A Huge Safety Issue Concerning the 737 MAX Series


#44

No problem on the length! Also welcome to forums! Thank you for the info on the flight too!


#45

well thank you thank you!! take that “flight info” you thanked me for, with a grain of salt lol lord knows early on, details get fuzzy or misreported… its just my understanding of them thus far 😁 thinkin that cvr will fill in alotttt of gaps & answers, hopin they find that bad boy soon. surprised they havnt picked up the ping again with all the resources & equipment out there


#46

I wouldn’t be worried about the 737 MAX. Normal 737s have had crashes due to mechanical issues before now, but did customers ever stop buying them? the answer is no :)

And if the plane’s computers decided to nose-dive, wouldn’t the pilots have taken any corrective action? (6,000 ft should be enough room, especially since the solution would be obvious: pull up!) Or did the aircraft become uncontrollable?


#47

It sounds to me like pilot error has a part to play. If the plane nose dives, then pull up! All the other symptoms outlined by Boeing have checklists to troubleshoot the problem. AOA sounds like it’s part of the IRS, so if one fails there is a second one to back it up. The same goes for pitot tubes, the 737 has 8 of them I believe, so the aircraft should still be flyable if you lose one. Obviously there’s an issue here, but the pilots should be trained to deal with the situation, and most are. Pilot error should be investigated, as well as standards for the issuing of a commercial pilot’s license in some Asian countries. These kinds of things seem to happen a lot more with Asian airlines than any other…


#48

Yeah, the normal 737 series had quite a fatal few incidents, therefore after one fatal one from the MAX series, I doubt they will ground it. But airlines will 100% teach pilots how to deal with these types of issues.As Jake just said, pilot error might be involved. But what I’m thinking, is if the AP thew the plane into a nose dive at 6,000ft, maybe they did not have time to react, or the plane did not pull up in time. We still don’t know, but we should keep an eye out for more updates.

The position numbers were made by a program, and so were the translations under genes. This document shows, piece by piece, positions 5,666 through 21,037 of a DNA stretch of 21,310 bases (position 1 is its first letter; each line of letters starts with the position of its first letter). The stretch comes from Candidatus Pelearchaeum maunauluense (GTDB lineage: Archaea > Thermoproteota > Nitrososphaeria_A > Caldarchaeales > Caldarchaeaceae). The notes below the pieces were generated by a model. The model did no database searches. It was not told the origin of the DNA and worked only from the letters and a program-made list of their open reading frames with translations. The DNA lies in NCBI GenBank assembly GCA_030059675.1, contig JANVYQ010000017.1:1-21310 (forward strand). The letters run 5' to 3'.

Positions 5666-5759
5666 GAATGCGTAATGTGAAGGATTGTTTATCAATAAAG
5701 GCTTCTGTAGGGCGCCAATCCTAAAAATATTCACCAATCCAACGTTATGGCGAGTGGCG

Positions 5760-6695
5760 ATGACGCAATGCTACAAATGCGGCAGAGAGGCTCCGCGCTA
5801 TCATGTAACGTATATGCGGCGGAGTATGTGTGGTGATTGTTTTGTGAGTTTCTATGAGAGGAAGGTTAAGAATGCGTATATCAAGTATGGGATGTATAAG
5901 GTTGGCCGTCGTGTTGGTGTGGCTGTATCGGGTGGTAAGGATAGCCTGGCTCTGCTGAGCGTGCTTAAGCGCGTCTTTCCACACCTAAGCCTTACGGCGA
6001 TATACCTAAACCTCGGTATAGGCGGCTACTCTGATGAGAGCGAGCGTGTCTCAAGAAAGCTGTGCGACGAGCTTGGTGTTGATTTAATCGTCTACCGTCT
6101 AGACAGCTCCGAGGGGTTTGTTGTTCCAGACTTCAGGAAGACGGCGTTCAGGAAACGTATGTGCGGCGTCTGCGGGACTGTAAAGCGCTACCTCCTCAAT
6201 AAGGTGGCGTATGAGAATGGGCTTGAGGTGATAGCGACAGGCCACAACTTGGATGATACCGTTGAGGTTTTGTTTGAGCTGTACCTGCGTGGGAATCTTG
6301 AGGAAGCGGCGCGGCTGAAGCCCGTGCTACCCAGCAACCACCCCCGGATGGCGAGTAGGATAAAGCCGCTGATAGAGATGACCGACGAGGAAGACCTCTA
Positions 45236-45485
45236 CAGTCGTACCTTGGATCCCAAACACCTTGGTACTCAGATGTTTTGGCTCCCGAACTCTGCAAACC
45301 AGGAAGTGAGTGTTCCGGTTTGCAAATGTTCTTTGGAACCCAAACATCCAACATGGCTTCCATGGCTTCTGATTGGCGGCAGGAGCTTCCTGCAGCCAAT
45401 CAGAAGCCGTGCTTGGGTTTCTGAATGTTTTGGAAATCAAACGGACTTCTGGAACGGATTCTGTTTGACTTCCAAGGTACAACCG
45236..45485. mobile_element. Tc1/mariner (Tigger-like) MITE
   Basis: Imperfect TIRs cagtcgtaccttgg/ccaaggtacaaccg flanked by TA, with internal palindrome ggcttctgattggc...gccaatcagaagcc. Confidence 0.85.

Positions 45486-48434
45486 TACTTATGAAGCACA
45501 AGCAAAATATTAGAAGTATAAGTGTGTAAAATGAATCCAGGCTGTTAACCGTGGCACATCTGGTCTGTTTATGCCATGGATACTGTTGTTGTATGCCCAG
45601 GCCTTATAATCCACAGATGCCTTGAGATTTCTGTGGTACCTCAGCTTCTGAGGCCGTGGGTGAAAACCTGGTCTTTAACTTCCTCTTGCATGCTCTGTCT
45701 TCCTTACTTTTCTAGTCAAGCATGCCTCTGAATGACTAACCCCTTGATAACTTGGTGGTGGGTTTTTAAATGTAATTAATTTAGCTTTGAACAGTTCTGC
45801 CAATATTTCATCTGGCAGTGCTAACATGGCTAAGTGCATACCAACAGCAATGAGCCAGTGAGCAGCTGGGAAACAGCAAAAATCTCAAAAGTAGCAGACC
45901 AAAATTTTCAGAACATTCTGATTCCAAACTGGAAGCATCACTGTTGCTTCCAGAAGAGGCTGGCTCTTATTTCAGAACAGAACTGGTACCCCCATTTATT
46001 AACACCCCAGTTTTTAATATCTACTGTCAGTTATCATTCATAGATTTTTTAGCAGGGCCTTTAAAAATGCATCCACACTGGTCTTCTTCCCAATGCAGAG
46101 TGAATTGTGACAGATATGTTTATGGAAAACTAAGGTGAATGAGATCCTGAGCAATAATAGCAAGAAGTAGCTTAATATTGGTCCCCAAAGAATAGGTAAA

#49

yeah, agreed jake… think it feels like this maybe this crew just didn’t respond to the data the same way as the crew before, who managed it & landed safely. (though i think all pilots deserve the benefit of the doubt, til proven otherwise. esp an experienced crew, as this was). i just know these computer systems /auto pilot/auto throttle stuff is wayyyy technical. there can definitely be a downfall to all this fancy schmancy technology/automation, and we usually see it when pilots encounter a problem- either relying too much on the computer/auto pilot or thinkin they have 100% manual control when in all actuality, someeee of the “protections” are still engaged, and work against em. i cant wait to see if like the previous flight, it was just the captains side givin all the erroneous airspeed & AOA data- we knoethat capt gave controls over to the FO when they realized his side was accurate. im prayin if this was the case, this crew also did this… especially knowing that theres been reported issues of this on the previous 4 flights & maintnence work done on these literally just hours previous 🤔 but who knows, maybe this was the difference of a successful prev flight & non successful on this one = both sides gave bad /contradicting data… just sad… time will tell! think the max will be just fine, as well. i have full confidence boeing. p. s… the b777 is absolute perrrfection! 👌👌